Friday, May 9, 2014

Comma Flingers - Check this out!!!!

Stop flinging those commas!!!!!!!!!

1.      Use a comma to separate three or more words, phrases or clauses in a series.
Please go to the store and get bread, a gallon of milk, and peanut butter.  Here’s $40.00 to cover it. 
2.   Use a comma to set off two or more prepositional phrases.
In the morning on the way to school, may we get Cheddar rounds?
3.   Use a comma after an introductory participle and an introductory participial phrase.
Walking in the park, we watched a shooting star above our heads.
4.  Use a comma after conjunctive adverbs.
School is cool; however, I’m glad it’s almost summer!
5.   Use a comma to set off non-essential appositives
The student, Mickey Mouse, finished his homework. 
6.   Use a comma to set off words or phrases of direct address.
Mrs. Hensley, am I passing your class?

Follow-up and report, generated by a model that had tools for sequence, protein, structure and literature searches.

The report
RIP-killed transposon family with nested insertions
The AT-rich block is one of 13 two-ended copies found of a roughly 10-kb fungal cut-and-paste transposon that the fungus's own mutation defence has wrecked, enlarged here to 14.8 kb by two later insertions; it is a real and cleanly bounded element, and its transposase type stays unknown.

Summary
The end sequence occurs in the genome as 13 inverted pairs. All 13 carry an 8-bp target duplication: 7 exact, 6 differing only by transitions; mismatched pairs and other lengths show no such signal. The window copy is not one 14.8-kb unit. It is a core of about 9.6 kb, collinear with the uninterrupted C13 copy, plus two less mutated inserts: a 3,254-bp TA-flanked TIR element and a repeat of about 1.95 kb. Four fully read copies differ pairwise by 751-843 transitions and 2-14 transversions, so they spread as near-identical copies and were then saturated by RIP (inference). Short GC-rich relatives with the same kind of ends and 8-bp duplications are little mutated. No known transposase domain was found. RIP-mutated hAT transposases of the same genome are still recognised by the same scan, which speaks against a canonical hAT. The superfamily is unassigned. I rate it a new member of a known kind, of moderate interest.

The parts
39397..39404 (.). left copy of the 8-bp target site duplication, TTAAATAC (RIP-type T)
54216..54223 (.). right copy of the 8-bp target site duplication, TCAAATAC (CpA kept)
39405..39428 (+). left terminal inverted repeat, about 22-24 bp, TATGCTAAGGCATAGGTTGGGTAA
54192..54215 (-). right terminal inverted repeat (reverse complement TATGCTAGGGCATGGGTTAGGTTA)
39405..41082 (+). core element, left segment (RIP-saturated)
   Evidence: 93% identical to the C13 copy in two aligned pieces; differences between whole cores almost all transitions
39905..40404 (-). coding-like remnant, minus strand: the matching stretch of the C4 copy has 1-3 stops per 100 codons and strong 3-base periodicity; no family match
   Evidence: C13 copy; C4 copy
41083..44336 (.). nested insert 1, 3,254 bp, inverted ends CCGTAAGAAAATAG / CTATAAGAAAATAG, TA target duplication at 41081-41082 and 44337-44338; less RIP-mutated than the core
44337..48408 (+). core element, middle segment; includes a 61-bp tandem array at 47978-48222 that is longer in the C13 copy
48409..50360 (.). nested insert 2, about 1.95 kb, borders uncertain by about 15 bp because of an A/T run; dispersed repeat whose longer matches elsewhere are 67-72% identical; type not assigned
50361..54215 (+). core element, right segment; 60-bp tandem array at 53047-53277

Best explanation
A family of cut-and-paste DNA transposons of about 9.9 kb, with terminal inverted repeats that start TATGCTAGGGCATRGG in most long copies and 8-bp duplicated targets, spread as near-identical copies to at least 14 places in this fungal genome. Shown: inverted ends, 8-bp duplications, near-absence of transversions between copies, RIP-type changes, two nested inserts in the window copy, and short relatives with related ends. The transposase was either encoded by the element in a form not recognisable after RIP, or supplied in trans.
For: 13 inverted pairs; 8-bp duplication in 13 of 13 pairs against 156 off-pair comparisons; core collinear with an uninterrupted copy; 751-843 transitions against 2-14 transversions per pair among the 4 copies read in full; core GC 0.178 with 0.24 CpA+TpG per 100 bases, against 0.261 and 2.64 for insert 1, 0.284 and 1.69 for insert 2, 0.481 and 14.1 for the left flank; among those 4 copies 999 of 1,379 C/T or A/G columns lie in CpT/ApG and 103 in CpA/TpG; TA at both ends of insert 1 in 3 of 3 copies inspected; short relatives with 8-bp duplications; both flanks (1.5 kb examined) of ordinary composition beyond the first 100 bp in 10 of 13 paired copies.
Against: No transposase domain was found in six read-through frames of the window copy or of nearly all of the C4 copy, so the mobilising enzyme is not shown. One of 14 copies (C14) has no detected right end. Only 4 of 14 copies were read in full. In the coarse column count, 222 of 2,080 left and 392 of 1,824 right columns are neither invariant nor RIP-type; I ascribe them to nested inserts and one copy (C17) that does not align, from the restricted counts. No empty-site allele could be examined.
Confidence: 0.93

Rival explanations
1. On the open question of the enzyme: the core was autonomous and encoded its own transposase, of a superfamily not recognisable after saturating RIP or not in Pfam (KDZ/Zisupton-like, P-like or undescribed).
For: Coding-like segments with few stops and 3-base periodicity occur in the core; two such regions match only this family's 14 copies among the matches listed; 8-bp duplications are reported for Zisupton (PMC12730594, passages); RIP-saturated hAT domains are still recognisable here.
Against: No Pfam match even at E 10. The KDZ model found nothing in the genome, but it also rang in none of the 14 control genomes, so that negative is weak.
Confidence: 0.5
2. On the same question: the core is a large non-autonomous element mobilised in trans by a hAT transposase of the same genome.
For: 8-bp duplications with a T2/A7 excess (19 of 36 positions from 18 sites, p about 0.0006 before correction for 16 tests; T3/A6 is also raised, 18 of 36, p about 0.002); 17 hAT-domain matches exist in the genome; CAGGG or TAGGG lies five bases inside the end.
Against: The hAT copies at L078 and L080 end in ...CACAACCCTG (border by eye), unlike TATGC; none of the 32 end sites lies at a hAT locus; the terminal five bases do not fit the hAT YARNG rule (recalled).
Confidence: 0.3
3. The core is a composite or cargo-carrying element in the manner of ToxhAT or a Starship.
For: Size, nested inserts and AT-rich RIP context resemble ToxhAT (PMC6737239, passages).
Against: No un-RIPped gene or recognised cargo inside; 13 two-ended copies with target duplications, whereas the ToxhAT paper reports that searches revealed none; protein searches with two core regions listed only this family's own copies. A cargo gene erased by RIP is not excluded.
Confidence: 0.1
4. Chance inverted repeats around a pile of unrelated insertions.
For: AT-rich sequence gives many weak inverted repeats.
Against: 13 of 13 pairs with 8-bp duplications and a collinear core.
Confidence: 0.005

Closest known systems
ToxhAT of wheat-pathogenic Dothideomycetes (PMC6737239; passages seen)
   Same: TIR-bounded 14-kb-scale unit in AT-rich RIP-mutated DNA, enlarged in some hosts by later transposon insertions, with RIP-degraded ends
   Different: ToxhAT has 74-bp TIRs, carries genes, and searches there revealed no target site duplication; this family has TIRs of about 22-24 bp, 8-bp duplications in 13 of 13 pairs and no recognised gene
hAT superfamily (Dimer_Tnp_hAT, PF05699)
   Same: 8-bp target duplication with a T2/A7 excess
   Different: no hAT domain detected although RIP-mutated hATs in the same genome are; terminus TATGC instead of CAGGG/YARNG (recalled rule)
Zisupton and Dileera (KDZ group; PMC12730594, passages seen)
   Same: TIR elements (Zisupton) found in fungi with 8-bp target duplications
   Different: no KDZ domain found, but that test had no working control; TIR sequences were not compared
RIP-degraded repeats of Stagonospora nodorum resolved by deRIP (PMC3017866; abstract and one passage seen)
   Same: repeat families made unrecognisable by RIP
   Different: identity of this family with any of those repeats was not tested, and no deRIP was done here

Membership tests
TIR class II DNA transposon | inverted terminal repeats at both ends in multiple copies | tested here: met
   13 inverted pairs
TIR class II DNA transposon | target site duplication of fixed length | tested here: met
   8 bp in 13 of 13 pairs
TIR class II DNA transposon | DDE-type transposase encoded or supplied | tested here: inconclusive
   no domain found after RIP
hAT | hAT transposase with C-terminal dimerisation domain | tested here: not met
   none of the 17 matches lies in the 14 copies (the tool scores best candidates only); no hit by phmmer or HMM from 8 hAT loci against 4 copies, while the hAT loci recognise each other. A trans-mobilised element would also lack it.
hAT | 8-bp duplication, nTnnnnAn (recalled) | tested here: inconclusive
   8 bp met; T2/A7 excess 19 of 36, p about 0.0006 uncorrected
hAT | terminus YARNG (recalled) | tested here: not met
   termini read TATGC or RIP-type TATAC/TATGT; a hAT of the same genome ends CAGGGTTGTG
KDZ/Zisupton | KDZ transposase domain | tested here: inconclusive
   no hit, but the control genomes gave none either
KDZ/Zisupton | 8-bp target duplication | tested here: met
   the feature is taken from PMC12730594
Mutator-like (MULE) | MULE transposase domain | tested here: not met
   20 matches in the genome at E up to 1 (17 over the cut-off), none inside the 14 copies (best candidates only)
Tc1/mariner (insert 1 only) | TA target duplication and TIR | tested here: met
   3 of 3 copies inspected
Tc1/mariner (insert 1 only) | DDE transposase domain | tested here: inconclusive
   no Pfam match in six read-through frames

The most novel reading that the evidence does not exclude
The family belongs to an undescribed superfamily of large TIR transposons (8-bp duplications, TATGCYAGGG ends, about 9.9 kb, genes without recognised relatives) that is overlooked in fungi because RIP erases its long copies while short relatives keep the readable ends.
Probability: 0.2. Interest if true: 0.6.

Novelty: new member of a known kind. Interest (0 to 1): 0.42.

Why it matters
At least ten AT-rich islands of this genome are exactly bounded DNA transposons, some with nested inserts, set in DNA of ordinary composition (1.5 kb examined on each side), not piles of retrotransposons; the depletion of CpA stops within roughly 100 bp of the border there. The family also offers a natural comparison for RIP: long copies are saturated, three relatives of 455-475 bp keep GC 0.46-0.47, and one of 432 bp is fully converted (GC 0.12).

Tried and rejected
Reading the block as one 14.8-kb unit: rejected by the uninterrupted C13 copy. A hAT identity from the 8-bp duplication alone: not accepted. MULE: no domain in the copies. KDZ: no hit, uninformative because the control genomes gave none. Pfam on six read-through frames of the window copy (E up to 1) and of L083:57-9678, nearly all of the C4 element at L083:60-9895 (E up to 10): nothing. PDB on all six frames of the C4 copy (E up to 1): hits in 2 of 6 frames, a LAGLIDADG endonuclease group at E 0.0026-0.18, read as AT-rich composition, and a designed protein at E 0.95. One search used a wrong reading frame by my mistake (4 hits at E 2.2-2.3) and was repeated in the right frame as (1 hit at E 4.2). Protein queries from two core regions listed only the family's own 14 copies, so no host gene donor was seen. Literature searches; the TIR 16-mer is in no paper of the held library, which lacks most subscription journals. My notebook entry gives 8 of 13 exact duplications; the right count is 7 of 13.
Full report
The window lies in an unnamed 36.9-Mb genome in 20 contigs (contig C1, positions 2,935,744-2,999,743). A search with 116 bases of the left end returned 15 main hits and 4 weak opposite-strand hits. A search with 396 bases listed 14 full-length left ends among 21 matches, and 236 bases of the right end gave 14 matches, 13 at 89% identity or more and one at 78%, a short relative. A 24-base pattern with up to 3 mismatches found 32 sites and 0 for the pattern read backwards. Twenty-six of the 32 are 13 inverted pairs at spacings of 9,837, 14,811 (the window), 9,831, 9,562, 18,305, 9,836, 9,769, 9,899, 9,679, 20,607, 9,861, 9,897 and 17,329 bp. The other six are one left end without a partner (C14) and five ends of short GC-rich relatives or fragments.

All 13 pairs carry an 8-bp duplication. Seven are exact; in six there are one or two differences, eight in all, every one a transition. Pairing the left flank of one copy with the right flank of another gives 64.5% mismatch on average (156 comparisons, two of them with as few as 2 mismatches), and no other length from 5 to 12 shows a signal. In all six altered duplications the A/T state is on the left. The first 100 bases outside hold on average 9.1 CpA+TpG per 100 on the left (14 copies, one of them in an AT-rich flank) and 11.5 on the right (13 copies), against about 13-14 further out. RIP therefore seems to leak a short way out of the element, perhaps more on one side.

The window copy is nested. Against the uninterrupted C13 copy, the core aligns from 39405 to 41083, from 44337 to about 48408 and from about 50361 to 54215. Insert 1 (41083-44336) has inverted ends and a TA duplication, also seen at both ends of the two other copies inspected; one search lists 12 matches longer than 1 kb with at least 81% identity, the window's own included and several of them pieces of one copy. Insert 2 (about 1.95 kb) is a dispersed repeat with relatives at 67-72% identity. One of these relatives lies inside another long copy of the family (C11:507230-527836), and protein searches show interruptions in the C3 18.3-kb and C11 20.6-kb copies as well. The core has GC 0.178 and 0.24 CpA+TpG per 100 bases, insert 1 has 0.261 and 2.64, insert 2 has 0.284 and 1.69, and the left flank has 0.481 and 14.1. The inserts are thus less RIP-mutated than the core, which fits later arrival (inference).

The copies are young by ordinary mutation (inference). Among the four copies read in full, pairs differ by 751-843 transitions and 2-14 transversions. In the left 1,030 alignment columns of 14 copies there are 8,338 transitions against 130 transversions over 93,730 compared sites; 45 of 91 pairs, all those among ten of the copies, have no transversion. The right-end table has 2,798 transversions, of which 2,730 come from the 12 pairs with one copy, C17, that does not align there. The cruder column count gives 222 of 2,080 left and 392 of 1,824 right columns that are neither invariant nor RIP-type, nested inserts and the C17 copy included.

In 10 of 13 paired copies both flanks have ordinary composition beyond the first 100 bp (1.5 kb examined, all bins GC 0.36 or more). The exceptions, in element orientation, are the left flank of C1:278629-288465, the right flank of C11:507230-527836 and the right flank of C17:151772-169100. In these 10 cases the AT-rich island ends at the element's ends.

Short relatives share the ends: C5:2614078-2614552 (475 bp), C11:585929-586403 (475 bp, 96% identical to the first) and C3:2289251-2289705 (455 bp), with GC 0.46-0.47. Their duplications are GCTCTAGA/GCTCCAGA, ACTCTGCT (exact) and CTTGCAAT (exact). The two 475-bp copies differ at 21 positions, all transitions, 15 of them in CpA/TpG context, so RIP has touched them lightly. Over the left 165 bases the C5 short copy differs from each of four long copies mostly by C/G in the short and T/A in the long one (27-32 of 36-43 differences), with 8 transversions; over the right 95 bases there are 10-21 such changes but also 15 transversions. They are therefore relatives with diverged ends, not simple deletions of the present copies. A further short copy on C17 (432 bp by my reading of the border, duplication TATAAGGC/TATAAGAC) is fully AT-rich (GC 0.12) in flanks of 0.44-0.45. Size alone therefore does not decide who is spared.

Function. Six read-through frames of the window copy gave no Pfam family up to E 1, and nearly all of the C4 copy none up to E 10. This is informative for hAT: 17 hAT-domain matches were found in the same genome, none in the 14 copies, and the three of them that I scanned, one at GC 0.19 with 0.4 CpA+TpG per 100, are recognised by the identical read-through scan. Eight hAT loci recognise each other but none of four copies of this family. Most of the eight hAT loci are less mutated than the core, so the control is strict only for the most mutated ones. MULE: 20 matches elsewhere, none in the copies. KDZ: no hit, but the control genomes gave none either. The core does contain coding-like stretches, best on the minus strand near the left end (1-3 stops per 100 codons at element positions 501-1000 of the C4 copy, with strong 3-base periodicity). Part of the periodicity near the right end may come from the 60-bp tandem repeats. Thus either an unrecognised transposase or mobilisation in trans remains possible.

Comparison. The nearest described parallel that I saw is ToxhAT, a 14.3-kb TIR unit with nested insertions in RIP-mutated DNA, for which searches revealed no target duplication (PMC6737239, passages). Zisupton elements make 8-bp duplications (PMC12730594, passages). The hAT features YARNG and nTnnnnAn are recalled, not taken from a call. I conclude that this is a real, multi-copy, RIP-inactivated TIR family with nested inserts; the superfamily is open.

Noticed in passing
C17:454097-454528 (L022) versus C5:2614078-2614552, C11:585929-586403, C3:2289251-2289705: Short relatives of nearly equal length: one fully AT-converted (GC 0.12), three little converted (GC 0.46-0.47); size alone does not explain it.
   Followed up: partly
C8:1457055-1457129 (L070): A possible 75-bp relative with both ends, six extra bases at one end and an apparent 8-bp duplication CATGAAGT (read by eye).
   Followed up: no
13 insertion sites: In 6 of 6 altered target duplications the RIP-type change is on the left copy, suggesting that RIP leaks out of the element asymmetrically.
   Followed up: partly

7.    Use a comma before a conjunction joining two main clauses.
I don’t need new shoes, yet I bought three pair!
8.    Use a comma after an introductory adverb clause and to set off nonessential adjective clause
After I bought new shoes, I needed a new purse.
Comma errors, which are common, can be easily corrected.
9.    Use a comma to separate parts of an address or a date.
Do you know who lives at 1600 Pennsylvania Avenue, Washington, DC?
10. Use a comma after the salutation and close of a friendly letter
Dear Mr. President, 

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